US special forces to help combat drug trafficking in Colombia’s war-torn areas

The United States embassy said Wednesday that American special forces will assist Colombia’s security forces in counter-narcotics operations in war-torn areas prioritized in the peace process.

The so-called Security Force Assistance Brigade (SFAB) will carry out joint missions in what President Ivan Duque calls “Future Zones,” regions historically abandoned by the state and controlled by the FARC until their demobilization in 2017.

Four of these five areas are also major coca growing regions where dissident FARC factions and other illegal armed groups maintain control over the drug trade with increased help of Mexican drug cartel emissaries.

The SFAB mission in Colombia is an opportunity to show our mutual commitment against drug trafficking and support for regional peace, respect for sovereignty and the lasting promise to defend shared ideals and values.

US Southern Command chief Admiral Craig Faller

The SFAB mission of “several months” will begin in June as part of a the “Enhanced Counter Narcotics Operations” carried out throughout the hemisphere “to reduce the flow of illicit drugs, degrade transnational criminal organizations, and increase interoperability with our partner nations and interagency partners,” the US Southern Command said in April.

US President Donald Trump announced these operations early last month as part of what Defense Secretary Mark Esper called a “whole-of-government approach to combating the flow of illicit drugs into the United States and protecting the American people from their scourge.”

The production and export of cocaine in Colombia “kills our farmers, destroys forests, wildlife and contaminates the rivers and seas,” the US embassy quoted Defense Minister Carlos Holmes Trujillo as saying.

The SFAB’s of more than 500 soldiers did not exist until 2018 and also meant to bolster US allies dubbed “weak states” by American military scholars.

Colombia, whose state has historically been considered weak, has been struggling to lower cocaine production, partially because its National Army has been bogged down by corruption.

2 thoughts on “”

  1. I’d dearly love to know what they’re doing to prevent folks from snorting the product up their noses. As long as there’s a market, there will be a supply. You’d think we’d have learned from the failed 18th amendment to the US Constitution. You’d be wrong. Sending our men to fight the production is asinine at best. Until the first world gets a grip on their decadent search for pleasure at any cost, there’ll be third world production of the means of supplying those searchers with the destructive elements they seek.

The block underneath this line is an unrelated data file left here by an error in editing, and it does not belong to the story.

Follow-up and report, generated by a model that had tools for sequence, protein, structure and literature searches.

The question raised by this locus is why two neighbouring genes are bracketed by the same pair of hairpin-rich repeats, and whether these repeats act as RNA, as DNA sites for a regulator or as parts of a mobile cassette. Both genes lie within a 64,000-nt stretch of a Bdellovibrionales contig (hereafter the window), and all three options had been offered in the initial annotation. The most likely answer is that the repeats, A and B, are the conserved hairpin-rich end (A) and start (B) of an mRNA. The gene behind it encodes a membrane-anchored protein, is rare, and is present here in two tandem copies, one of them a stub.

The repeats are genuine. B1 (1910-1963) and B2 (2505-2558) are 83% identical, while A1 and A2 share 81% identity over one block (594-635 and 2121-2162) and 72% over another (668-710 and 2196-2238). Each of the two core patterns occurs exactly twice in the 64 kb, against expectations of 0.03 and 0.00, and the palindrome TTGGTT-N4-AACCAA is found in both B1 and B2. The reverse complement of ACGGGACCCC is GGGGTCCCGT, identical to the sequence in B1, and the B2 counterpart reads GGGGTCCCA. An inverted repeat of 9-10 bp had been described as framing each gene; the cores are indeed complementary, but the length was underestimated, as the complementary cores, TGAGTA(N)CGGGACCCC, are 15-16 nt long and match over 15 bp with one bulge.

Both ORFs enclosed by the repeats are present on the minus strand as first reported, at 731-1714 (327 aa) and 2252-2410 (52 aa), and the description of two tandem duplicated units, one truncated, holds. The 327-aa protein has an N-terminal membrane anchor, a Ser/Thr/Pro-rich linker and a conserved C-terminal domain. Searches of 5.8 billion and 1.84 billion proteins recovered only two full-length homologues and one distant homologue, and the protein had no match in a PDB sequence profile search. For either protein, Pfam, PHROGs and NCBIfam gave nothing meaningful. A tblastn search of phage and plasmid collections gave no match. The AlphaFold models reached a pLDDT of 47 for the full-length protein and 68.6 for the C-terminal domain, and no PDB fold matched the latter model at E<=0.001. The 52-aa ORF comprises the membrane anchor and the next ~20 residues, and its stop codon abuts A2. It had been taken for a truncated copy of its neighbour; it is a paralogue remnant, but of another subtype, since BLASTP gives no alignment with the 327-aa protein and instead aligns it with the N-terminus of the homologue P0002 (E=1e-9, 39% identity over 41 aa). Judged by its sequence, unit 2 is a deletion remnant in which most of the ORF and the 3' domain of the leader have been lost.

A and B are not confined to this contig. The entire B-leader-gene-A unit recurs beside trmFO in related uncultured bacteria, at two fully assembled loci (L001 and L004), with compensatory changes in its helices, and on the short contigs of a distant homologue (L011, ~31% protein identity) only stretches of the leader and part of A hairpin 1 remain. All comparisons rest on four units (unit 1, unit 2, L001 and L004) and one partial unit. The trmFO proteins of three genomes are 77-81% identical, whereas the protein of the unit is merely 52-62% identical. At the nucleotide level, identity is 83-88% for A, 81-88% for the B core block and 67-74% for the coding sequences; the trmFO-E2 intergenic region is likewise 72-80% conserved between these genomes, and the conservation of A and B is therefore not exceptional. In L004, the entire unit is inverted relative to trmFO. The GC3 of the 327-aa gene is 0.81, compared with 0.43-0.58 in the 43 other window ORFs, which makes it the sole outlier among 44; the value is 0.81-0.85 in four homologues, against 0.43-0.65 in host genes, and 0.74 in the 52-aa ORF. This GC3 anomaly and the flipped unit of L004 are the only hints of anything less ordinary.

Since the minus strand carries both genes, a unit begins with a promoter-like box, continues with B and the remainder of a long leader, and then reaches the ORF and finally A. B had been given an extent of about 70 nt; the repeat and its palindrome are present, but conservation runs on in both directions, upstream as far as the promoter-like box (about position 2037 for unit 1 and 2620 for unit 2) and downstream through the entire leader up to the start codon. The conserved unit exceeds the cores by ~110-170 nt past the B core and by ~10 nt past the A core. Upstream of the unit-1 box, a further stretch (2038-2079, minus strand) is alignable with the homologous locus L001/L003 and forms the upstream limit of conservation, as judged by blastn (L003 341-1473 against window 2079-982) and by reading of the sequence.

1. One of the more recent movies I liked was the first Sicario.
      The main ‘hidden’ subplot was that the U.S. gubbermint knew that “Until someone finds a way to stop 20 percent of America putting this $#!+ up their nose, order is the best we can hope for.” as they were simply dealing with the more uncontrollably violent of the Mexican cartels who were smuggling the drugs in.

      That may, or may not be reality, but, like you said, any attempts to curtail production have failed miserably. A demand will be met with a supply. All the – smart – manufacturers will do is move their real facilities out of the way and either let these troops find worn out equipment that was going to be abandoned anyway, or through their corrupted contacts in the Colombian gubbermint/military, raid competitor’s operations.

      It brings up the idea that these SFABs are a pretty new thing. They and the concept of their plan of operation, haven’t really been tested and this may simply be a way to do that, and justify their existence, doing something like a live fire exercise with lethal targets. So it’s ‘optics’ for the brass & service politicians.

      Yes, that’s just my cynical side coming out again.

Comments are closed.